A publication earlier this year by Bárcena et al. shows that angiogenin plays a crucial role in the onset and development of liver cancer (hepatocellular carcinoma or HCC).
Angiogenin was the first isolated tumor-derived protein with in vivo angiogenic activity, featuring a ribonuclease activity that stimulates ribosomal RNA (rRNA) transcription and cell proliferation. Increased angiogenin serum levels have been associated with the incidence and severity of several human tumors, including HCC.
Angiogenin has been proposed as a putative noninvasive marker for monitoring HCC, and increased angiogenin expression in patients with HCC correlates with major tumor vascularity and mortality. However, the role that angiogenin plays in hepatic stellate cell (HSC) activation has not been previously addressed. Thus, the author’s aim was to analyse if angiogenin is secreted by HCC and to examine the role of angiogenin in HSC activation and HCC-HSC cross-talk in liver cancer.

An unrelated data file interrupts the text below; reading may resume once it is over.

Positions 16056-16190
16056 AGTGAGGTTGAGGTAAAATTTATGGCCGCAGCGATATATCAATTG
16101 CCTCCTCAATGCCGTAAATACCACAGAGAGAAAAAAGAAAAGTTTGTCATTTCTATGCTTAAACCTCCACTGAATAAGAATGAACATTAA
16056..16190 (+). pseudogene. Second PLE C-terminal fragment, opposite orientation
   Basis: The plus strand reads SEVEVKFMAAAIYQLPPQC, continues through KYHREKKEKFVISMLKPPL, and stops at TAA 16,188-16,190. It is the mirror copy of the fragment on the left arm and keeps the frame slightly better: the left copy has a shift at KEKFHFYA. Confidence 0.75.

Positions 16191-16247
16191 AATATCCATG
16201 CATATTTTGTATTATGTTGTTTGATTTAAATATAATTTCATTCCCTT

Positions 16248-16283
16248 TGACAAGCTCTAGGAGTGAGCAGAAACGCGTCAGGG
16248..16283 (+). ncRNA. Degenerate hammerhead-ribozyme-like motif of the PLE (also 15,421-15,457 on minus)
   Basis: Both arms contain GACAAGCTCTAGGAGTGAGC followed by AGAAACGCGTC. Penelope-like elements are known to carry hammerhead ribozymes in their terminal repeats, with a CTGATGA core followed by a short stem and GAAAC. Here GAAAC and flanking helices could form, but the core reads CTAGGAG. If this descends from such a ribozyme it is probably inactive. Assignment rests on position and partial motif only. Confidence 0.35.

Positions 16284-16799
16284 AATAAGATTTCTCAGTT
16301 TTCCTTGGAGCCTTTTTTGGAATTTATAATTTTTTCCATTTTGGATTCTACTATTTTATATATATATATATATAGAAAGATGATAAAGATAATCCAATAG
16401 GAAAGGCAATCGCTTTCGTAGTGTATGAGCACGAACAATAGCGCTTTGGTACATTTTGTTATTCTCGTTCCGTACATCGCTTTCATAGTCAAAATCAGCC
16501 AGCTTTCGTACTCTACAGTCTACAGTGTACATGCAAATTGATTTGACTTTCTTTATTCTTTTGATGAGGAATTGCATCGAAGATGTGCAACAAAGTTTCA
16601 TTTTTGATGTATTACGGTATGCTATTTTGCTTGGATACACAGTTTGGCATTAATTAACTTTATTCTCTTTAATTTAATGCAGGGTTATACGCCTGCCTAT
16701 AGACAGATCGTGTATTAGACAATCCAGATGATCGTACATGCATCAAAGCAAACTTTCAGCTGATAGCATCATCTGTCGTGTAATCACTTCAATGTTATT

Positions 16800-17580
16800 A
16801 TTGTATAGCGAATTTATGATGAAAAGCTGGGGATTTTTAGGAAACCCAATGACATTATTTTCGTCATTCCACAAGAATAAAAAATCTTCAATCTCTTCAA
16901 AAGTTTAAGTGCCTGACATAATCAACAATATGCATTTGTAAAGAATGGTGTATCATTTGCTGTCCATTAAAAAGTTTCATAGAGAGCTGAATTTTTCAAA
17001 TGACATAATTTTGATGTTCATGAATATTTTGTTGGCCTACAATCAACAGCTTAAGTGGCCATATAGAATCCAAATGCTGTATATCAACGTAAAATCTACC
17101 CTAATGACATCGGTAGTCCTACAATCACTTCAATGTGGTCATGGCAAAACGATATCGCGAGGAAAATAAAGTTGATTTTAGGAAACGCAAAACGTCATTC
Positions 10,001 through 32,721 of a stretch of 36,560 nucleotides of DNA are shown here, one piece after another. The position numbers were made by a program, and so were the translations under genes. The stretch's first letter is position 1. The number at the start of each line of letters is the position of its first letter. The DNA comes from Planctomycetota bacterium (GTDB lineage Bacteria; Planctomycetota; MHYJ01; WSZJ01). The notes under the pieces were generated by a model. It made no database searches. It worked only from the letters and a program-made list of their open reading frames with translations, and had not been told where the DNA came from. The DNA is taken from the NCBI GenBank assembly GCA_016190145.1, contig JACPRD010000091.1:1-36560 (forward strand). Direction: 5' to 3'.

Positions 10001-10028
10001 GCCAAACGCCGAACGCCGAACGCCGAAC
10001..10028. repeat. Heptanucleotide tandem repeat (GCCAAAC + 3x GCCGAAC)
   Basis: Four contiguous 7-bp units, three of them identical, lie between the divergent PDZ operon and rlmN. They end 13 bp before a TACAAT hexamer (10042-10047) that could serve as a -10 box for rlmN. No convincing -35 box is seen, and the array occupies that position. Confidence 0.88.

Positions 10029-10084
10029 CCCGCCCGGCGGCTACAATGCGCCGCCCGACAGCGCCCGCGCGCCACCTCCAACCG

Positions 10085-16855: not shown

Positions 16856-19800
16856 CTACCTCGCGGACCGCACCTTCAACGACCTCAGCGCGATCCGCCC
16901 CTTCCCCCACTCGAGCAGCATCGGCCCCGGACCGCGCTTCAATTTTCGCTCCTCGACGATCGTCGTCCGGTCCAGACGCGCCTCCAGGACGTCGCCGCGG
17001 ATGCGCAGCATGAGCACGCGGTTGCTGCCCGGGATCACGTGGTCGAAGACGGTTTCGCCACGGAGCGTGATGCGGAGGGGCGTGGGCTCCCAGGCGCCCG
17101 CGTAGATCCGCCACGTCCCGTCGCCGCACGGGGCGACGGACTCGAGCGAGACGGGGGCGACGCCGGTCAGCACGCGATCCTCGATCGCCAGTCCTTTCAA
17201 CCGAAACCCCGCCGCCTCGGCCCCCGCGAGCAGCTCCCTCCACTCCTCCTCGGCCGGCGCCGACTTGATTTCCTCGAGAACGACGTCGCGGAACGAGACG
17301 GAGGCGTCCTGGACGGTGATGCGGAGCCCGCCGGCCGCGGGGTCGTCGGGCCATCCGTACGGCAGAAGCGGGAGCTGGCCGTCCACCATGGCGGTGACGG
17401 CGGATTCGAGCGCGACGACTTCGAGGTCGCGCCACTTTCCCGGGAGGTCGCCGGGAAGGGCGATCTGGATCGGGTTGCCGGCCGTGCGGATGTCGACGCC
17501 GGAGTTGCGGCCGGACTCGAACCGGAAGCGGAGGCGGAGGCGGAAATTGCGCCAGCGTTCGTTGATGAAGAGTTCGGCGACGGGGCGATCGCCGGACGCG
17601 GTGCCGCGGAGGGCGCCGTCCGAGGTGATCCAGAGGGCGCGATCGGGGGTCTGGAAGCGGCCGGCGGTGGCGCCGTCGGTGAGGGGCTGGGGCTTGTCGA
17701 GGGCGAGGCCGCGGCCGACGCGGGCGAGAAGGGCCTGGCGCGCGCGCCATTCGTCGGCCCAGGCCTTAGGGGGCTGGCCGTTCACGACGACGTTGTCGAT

HCC frequently develops in a pro-inflammatory and pro-fibrogenic environment with HSCs remodeling the extracellular matrix composition. Molecules secreted by liver tumors contributing to HSC activation and peritumoral stromal transformation remain to be fully identified. In this sense, the authors used an array that allows the study of 43 angiogenic factors, and confirmed the key role of angiogenin.
These findings indicate that targeting angiogenin signaling may be of potential relevance in HCC management.
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